Last week we shared updates from the 2009 CDC HIV Prevention Conference. While at the conference, we had the opportunity to co-host a Social Media Lab with our CDC colleagues. The Lab was open throughout the conference, and participants were invited to come, sit down in front of a computer, and talk one-on-one or in small groups about using social media in response to HIV. Over 125 conference participants from community-based organizations, government agencies, national policy organizations, and academic research institutions sought out the Lab.
Some of the participants came to the Lab with a specific goal in mind, while others wanted a general overview of various new media tools and how they work. Among the many conference participants we spoke to were:
- Staff from the New York City Department of Health about ways to use Twitter for an HIV testing mobilization campaign;
- A provider from a teen mental health program thinking about using text messaging for substance abuse treatment adherence; and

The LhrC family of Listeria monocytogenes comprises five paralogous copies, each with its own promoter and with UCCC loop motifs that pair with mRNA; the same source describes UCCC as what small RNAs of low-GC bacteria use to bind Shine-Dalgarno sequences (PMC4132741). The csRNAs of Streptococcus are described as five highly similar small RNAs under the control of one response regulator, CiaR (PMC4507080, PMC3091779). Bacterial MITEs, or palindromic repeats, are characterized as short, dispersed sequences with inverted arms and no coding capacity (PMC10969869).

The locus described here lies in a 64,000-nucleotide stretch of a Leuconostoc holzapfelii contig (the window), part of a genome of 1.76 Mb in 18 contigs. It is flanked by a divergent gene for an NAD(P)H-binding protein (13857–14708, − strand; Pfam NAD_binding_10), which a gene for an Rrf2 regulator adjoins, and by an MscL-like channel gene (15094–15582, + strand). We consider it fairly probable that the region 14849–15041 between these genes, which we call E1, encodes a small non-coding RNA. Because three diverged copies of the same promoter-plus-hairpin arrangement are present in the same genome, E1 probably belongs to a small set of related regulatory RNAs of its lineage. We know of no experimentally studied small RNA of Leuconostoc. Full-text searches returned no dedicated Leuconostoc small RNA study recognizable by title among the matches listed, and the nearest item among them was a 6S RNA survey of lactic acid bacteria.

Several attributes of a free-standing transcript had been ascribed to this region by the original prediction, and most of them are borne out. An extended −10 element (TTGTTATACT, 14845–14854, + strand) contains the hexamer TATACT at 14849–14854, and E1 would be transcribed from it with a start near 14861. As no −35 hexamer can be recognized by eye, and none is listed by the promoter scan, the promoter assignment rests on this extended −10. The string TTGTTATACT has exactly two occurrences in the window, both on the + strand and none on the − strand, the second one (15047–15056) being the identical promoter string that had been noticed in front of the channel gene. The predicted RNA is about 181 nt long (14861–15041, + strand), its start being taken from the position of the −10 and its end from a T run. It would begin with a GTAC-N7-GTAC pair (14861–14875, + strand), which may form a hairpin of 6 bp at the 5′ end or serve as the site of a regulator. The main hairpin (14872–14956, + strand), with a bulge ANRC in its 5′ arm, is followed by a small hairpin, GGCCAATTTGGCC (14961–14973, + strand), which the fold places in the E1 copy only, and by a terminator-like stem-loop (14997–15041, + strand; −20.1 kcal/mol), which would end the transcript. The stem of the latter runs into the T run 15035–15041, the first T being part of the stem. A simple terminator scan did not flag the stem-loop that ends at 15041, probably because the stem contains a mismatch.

- A manager running an after-school HIV prevention program for teen girls interested in finding a way to build an online community among her participants while maintaining privacy.
One participant told us that the Lab helped her feel ready to start integrating various social media tools into the delivery of HIV prevention education. Another participant noted that receiving one-on-one technical assistance at the conference meant he could really think about getting started when he returned home. One participant who is the process of planning a large conference stopped by to ask us for ideas about replicating the Lab. We shared the New Media Strategy Map (which we remixed this from the WeAreMedia project and have recently added to the blog’s new media resources) with participants as a tool to take home and use in their agency’s planning.
Hadiza Buge and Tanesha Tutt of the CDC were two of the trainers in the Lab. Tanesha told us that the most powerful part for her was “talking to people about social media—people in public health often don’t realize that social media can make their life easier.” Hadiza said, “the Lab was a great opportunity to learn about HIV prevention efforts across the country and help frame messaging using the latest Web 2.0 tools . . . and how we could teach others to enhance their communication efforts.”
For any of you who attended the Social Media Lab, we’d love to hear what you took away from it—have you or do you plan to put these skills to work? If so, how? If not, what would help support implementation of what you learned?